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Jacqueline Monahan's Movie Reviews

Tár | Cate Blanchett, Mark Strong, Nina Hoss, Noémie Merlant, Allan Corduner, Julian Glover | Review

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Jacqueline  Monahan

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Jacqueline Monahan is an educator for the Clark County School District.
She is also an entertainment reporter for
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Tár | Cate Blanchett, Mark Strong, Nina Hoss, Noémie Merlant, Allan Corduner, Julian Glover | Review

Lydia Tár lives in the rarefied atmosphere of the EGOT. The most successful female conductor of all time has an Emmy, Grammy, Oscar, and Tony under her belt, one of only 15 individuals to have accomplished the impressive feat.

Her opening interview (reminiscent of The Actor’s Studio program in which celebrities are fawned over by a star-struck host – here, it’s Adam Gopnik - in front of a large auditorium of fans) reveals a yardstick-long list of accolades: ethnographic fieldwork in the Amazon with the Shipibo-Conibo tribe; serving as the conductor for orchestras in Cleveland, Boston, and soon, Berlin; creating a fellowship for aspiring women conductors; a new book (in which every word promises to be an epiphany); her work with Leonard Bernstein as his protégé and its profound effect on her own work; her upcoming project – a live recording of Gustav Mahler’s Symphony No. 5, the only one of his symphonies Tár has yet to conduct

The film lingers upon this in-depth interview with Tár, introducing the viewer to the haughty, laser-focused, and stridently gay composer. She speaks with the utmost self-confidence and swagger, allowing her to later interrogate a student in her Julliard class like a predator toying with its prey. She harbors an attraction to a young cellist, Olga (Sophie Kauer) and advocates in her favor during an audition. It’s not the first time a dalliance rears its head, despite Tár having a wife Sharon (Nina Hoss), who is also a violinist in her orchestra, and adopted child, Petra (Mila Bogojevik).

Tár is consumed with conducting, reaching near orgasmic levels of appreciation for the music, and addressing her Berlin orchestra in flawless German. Her mentor, Andris Davis (Julian Glover) is the former conductor of the Berlin Orchestra and her touchstone. Through conversations with Davis, the viewer gets an unvarnished view of her thought processes and intentions, revealing an obsessed perfectionist and unapologetic cutthroat, wanting what she wants and justifying it with who she is. With such a large head, it’s a wonder that she can bear its cerebral and egotistical heft.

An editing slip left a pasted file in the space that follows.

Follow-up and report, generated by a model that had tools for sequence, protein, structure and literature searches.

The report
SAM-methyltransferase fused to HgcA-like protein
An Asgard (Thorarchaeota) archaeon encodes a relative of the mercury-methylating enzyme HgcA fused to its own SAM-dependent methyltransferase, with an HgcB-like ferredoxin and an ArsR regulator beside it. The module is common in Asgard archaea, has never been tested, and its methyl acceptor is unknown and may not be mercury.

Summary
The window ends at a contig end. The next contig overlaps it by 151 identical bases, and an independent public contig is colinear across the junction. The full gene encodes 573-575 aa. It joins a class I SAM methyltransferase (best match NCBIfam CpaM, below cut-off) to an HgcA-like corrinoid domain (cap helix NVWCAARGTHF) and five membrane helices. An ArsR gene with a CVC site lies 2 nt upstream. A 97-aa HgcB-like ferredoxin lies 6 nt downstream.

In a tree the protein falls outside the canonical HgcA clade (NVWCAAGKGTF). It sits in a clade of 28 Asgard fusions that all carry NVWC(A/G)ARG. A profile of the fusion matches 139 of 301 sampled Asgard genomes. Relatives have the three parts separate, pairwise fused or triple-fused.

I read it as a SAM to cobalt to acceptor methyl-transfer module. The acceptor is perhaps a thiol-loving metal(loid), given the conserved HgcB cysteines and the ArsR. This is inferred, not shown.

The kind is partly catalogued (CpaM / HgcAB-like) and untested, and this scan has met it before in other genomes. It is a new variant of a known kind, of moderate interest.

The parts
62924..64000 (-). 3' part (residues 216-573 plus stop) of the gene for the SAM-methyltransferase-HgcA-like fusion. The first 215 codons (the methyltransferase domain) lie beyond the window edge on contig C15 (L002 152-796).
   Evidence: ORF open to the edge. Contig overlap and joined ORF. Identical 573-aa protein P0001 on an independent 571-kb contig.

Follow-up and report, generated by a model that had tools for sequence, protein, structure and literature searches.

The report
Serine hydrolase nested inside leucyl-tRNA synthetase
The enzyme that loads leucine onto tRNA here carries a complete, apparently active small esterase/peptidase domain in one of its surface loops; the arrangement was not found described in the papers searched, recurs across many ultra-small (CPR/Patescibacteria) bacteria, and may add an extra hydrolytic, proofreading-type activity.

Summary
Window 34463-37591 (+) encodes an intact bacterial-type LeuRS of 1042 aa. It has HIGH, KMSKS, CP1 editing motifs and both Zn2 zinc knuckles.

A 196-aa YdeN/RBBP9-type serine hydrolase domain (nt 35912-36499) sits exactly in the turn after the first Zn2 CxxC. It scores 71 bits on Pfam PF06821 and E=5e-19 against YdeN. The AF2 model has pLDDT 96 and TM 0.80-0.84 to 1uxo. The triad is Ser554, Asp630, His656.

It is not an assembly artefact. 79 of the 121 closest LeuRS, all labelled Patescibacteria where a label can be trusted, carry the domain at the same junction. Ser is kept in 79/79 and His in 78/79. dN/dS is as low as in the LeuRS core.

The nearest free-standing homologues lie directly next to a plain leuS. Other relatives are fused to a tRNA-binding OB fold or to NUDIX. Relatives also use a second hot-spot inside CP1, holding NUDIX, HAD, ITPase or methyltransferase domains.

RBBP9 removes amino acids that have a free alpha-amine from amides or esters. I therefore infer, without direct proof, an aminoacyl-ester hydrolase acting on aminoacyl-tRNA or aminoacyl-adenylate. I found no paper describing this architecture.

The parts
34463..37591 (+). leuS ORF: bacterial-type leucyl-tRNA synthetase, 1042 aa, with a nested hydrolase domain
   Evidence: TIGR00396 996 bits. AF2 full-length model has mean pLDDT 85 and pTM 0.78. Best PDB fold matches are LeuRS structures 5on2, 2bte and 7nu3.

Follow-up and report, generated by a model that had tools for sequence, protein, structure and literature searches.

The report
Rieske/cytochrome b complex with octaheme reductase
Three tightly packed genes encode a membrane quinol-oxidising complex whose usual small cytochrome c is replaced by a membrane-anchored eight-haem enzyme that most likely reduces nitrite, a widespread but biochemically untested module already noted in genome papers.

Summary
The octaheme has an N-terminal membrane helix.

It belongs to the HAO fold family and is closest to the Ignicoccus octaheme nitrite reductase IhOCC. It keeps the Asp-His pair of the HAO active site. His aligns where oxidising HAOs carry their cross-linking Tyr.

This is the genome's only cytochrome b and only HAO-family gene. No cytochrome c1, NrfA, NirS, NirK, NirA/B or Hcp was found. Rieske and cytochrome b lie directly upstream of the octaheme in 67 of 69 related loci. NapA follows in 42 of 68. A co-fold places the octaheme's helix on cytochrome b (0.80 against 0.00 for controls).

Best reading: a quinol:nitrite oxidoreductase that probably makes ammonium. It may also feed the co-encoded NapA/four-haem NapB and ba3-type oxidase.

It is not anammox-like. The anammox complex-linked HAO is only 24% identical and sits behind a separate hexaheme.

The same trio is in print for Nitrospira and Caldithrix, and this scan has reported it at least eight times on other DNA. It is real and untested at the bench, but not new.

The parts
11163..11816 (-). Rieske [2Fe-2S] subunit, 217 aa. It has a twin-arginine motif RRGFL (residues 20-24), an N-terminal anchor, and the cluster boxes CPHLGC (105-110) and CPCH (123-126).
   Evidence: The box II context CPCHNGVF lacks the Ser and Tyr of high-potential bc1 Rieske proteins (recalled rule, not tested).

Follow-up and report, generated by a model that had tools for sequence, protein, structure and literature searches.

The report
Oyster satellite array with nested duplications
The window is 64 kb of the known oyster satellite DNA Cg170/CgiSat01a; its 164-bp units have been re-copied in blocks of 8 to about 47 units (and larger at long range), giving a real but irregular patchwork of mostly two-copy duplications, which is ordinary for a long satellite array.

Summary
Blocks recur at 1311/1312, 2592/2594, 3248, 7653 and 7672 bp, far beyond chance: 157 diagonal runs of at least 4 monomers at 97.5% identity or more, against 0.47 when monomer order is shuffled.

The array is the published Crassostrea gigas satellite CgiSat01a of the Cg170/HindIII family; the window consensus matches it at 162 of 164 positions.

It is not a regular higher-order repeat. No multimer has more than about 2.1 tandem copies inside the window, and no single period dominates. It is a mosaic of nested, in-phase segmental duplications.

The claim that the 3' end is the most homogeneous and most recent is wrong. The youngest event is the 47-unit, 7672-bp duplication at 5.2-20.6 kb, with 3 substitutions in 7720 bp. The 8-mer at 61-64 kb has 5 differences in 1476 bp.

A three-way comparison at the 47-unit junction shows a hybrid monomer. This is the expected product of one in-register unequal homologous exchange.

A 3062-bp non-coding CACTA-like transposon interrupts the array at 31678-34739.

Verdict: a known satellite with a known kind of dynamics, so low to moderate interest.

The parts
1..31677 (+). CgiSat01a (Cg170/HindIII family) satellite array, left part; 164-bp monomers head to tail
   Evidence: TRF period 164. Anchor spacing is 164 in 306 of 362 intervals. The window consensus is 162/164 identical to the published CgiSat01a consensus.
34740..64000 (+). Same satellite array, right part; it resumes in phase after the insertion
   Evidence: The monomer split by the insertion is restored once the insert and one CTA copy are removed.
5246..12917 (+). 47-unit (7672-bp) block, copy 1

Tár’s accomplished world begins to unravel and our driven protagonist reveals herself to be underhanded, entitled (overused word, but here it is so appropriate) and predatory. Some of the victims include personal assistant Francesca (Noémie Merlant) conductor and business manager Elliot Kaplan (Mark Strong) assistant conductor Sebastian Brix (Allan Corduner), and Krista Taylor (Sylvia Flote) an aspiring young conductor whom we never actually meet in any meaningful way, but whose relationship with Tár is implied to have been one of sexual misconduct.

Tár evolves from a B-word to a C-word, her pompous arrogance posing as self-assured confidence. With no filter and nothing to prove, the artist descends unto a swift downward spiral brought on by judgment errors, betrayals, and a lawsuit by Krista’s grief-stricken parents after a tragedy reveals an accusatory trail that leads right up to the accomplished conductor.

Director Todd Field (In The Bedroom) gives us numerous tight shots of Tár’s face, and in doing so highlights the nuanced intensities of Blanchett’s performance. From bored, to ignited, to ruthless, to questioning her reality, Blanchett inhabits Tár in all of her pieces, musical or otherwise. Who is screaming in the woods? Why does the metronome spring to life? Is the large dog real? Field and Blanchett take us on a trip with scenery that combines impeccable sophistication with messy, unpleasant, even nightmarish intrusions of unforgiving reality.

Blanchett is the draw, mesmerizing in intensity and wearing Tár like a second skin. She escorts the character from dizzying heights to ignominious lows with the wave of her right hand, the one that wields the baton, the one that keeps time.

And perhaps the one that will hold yet another Oscar.

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